Friday, May 2, 2008

The History of Lyon County Kentucky - Part 11

The Woodruff House
By Margaret Wilford


[This article contains a picture with the following caption: “The Woodruff House in old Kuttawa is now home to Eddie and Margaret Wilford who purchased and renovated it.”]

In 1921, Mr and Mrs Woodruff, Louis and Mary, rented a house from Preston Ordway which was to be their home for the rest of their lives. It was located at Lot 2, Block 4, on the north side of Oak Street, Kuttawa.

On Dec. 17, 1930, they purchased the 55-year old house and became the seventh owners. The present owners, Eddie and Margaret Wilford, bought the home from the Woodruff heirs on Aug. 20, 1992.

When the Wilfords bought the house, they did not know that the property had once belonged to Margaret (Bingham) Wilford’s great-great-grandfather John Bingham. Bingham acquired the house and lot from Governor Anderson on Oct. 8, 1885. Governor Anderson had sold the lot in 1875 to Robert Dulaney of Louisville, and his brother, Charles Dulaney of Clark County, Ill. Under grant terms and conditions.

The Dulaneys paid Governor Anderson $1 (one dollar) and agreed “to build a good and substantial commodious house and storehouses to be used and occupied by themselves” within six calendar months. The deed was recorded July 3, 1875.

Robert Dulaney kept the property until March 30, 1881, when Governor Anderson repurchased three parcels of land (Lots 1, 2, and 3) for $750. Governor Anderson then sold the property to John Bingham in 1885, and Bingham sold it to L. P. Holland of Cumberland City, Tenn. On Jan 14, 1893.

On March 29, 1893, Holland mortgaged the “dwelling, butcher shop and other improvements” for $400 at 6 percent interest.

Mr. Holland and his wife, Jaimie, received $500 cash from James T. Rice of Kuttawa on April 24, 1899. Mr. Rice owned the house until April 11, 1907, when it was sold to Preston Ordway. Louis Woodruff bought the property in 1930, and his wife, Mary Fleming Woodruff, inherited the home at Lot 2, Block 4, Oak Street, when he died in 1957. Mary Woodruff lived in and owned the home for another 35 years. She died in 1992 at the age of 97.

When the Woodruffs purchased the house, they made several changes, improvements and modernizations. In 1930, the house contained four large rooms and two porches. The Woodruffs added indoor plumbing, a bathroom and a closet on the south side. They enclosed the backporch and converted it into a sunporch where Mrs. Woodruff kept her plants.

One end of the porch was made into a large pantry. The kitchen where Dr. T. L. Phillips had removed Mrs. Woodruff’s tonsils in the 1920s was converted into a bedroom, and Mrs. Woodruff moved her kitchen into the adjoining room.

Ancient pipes found in floors of both “kitchens” verified this information. Still later, Mrs. Woodruff moved her kitchen into the pantry and converted her 1930 kitchen into a dining room. The house was wired for electricity during this time and the ceiling fixtures Mrs. Woodruff chose in 1930 were still there in 1992.

In the woodruff’s early days, the back lot (backyard) contained an outhouse and a combination chicken house and stable. These were located next to the alley as far up the mountain as possible. The Woodruffs had both horses and chickens.

In 1938, the Woodruffs decided to install a coal furnace which meant they now needed a basement. This basement was dug by hand with a pick and shovel by W. T. Moore and Mark Sexton. Mr. Moore, who lives in Lyon County, says that digging mountain gravel and carrying it out in buckets was no easy task.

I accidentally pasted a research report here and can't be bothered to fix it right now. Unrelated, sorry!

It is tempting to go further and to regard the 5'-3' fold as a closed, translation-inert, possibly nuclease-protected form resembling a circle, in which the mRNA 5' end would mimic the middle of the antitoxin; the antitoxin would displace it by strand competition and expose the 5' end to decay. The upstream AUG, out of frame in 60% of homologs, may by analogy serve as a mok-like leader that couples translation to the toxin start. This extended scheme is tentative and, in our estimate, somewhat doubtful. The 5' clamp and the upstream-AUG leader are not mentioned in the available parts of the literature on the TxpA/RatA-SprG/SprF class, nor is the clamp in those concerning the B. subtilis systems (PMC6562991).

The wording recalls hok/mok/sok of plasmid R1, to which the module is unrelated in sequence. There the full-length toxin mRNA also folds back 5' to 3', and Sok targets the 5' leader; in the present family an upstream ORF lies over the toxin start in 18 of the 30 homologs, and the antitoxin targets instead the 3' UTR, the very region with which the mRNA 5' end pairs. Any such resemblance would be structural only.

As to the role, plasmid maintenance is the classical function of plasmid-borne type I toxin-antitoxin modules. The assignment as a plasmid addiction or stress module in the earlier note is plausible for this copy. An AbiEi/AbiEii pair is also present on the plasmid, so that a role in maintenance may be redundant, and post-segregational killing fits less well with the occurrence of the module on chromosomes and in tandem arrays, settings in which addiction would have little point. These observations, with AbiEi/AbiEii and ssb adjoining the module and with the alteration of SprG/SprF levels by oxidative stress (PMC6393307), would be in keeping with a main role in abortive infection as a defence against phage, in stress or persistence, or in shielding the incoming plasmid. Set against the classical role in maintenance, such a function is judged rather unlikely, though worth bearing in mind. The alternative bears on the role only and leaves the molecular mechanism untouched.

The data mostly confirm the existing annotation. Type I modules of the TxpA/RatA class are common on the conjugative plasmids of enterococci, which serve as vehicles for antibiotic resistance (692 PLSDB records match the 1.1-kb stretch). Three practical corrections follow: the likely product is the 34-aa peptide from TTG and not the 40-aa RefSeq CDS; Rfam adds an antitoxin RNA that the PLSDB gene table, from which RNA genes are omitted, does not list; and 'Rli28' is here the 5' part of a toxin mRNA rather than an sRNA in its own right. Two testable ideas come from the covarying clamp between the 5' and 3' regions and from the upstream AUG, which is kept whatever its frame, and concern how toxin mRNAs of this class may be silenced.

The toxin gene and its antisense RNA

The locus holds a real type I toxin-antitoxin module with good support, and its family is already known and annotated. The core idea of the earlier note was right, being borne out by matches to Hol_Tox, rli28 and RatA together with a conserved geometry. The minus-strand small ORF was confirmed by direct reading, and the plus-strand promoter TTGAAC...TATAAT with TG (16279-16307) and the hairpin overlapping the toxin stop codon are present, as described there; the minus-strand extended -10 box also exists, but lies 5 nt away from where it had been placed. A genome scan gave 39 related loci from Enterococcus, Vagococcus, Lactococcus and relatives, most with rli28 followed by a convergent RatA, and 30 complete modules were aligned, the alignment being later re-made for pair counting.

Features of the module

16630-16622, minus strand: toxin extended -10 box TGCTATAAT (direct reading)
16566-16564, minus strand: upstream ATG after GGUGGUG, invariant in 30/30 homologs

When the Wilfords bought the house in 1992, it had been more than 60 years since the Woodruff renovations. Needed repairs, additions and modernizations were greatly facilitated because the original structure was extremely strong, sturdy and straight.

The original, beveled glass, oak front door was refinished by Eddie Wilford and is a focal point of the house. The stained glass windows and all other windows on the main level were kept. The 12-foot ceilings and most original transoms were retained. A new stained glass transom was added between the living and dining rooms.

Exterior transoms were placed above French doors which gave the house a light airy feeling. Golden oak hardwood floors, fluted wood work and an oak staircase leading to the second level were installed. The second level was originally an unfinished attic with a 12-foot ceiling. Brass chandeliers replaced the lighting installed in 1930. Central heat and air conditioning replaced the outdated caol furnace and window air conditioners.

The kitchen has been returned to its original location where Mrs. Woodruff’s tonsillectomy was performed. The back porch has been re-opened and a large deck has been erected on the upper level facing the mountain. The fron porch has been raised to two story level. The entrance has been further enhanced by four large Pillars which give the house a more stately appearance.

During the renovation process, Frank Wilford found an old brick labeled “Kuttawa Brick Works”. He also found a board in the dining room wall which had one of the earlier floor plans sketched on it. Encasing such sketches in walls was an earlier custom.

The old house on Lot 2, Block 4, Oak Street, Kuttawa, now with its eighth owners, Eddie and Margaret Wilford, has been given a new address for 911 purposes. It is currently listed as 1904 Lake Barkley Drive.

Anecdotal information was mainly provided by Mrs. Woodruff’s nephew, Charles Dunn, who lives in Claxton, Ga. Other anecdotal information was furnished by W. T. Moore of Lyon County, Mrs. Gladys Jones of Elkton and the house itself.

Documented information was obtained from deed and mortgage records in the Lyon County Courthouse.

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